CVS Faces $2.8 Million Fine To Settle FTC Charges

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CVS Faces $2.8 Million Fine To Settle FTC Charges

Drug store CVS Pharmacy will stop making misleading claims that its “AirShield” dietary supplements can prevent colds, fight germs, and boost immune systems. CVS also will pay nearly $2.8 million to settle Federal Trade Commission charges. This case is similar to cases that the FTC has announced against Airborne Health which faced a $30 million dollar fine, and the drug chain Rite Aid Corporation which were slapped with a $500,000 dollar fine. All 3 cases involved them selling a dietary supplement that purportedly treats colds and the flu. That’s because both CVS and Rite Aid “knocked off” the wildly successful “Airborne” product made by Airborne Health.

“Students returning to college campuses and parents sending their kids off to school want to take precautions to fight the germs that can cause coughs, colds, and the flu,” said David Vladeck, Director of the Bureau of Consumer Protection of the FTC. “As the Center For Disease Control has advised, there are good practices to follow. But consumers should not be misled by false claims about the germ-fighting properties of dietary supplements. With orders against Airborne, Rite Aid, and the one proposed against CVS, manufacturers and retailers are on notice that they have to tell the truth about what dietary supplements can and cannot do.”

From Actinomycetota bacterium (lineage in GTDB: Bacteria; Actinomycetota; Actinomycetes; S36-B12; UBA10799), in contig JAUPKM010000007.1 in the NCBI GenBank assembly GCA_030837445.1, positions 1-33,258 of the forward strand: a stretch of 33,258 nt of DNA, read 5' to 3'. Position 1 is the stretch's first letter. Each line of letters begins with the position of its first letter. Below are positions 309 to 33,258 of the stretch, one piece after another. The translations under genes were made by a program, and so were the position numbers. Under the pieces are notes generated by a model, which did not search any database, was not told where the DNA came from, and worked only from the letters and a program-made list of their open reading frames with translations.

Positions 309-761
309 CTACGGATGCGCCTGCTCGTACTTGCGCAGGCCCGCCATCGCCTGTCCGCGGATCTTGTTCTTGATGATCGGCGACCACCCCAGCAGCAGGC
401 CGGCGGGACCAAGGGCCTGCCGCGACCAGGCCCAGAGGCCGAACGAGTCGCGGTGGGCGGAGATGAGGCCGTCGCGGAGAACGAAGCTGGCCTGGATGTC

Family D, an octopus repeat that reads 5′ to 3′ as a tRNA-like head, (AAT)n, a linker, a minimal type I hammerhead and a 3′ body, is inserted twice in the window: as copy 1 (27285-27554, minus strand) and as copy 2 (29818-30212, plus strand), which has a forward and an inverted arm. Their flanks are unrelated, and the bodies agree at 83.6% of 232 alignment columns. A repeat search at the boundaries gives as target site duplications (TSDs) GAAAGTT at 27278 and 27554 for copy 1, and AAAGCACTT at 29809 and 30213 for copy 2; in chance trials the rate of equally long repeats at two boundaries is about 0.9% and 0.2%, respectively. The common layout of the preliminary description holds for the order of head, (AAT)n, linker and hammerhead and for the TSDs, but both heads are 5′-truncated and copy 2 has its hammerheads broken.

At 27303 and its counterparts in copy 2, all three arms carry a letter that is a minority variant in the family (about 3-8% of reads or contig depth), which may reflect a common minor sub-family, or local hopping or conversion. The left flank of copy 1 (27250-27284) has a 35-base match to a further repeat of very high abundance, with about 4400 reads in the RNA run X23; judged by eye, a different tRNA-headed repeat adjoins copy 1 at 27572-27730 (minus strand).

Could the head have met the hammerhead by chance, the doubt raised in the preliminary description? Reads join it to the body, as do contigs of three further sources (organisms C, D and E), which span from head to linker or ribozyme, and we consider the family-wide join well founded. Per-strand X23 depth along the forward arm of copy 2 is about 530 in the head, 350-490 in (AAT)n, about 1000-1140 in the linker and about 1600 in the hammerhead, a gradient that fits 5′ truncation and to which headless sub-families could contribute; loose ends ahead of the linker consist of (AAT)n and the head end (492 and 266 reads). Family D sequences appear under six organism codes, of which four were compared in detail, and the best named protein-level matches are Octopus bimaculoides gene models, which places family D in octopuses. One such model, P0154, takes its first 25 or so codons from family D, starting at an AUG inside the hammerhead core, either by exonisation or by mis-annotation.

CVS marketed AirShield products by touting their similarity to widely advertised “Airborne,” which last year settled FTC charges for making the same kind of misleading claims. Like Airborne Health, Inc., the FTC charges CVS with making false and deceptive advertising claims that using its product would reduce the risk of colds and protect against catching colds in crowded places, such as schools, airplanes, offices, health clubs, theaters, or restaurants. The FTC alleges that the company had no evidence that the products could boost the immune system or prevent colds. The order also will bar CVS from making claims that any CVS-brand food, drug, or dietary supplement can reduce the risk of or prevent colds, protect against cold viruses in crowded places, fight germs, or boost the immune system unless the claims are true and backed by scientific evidence.


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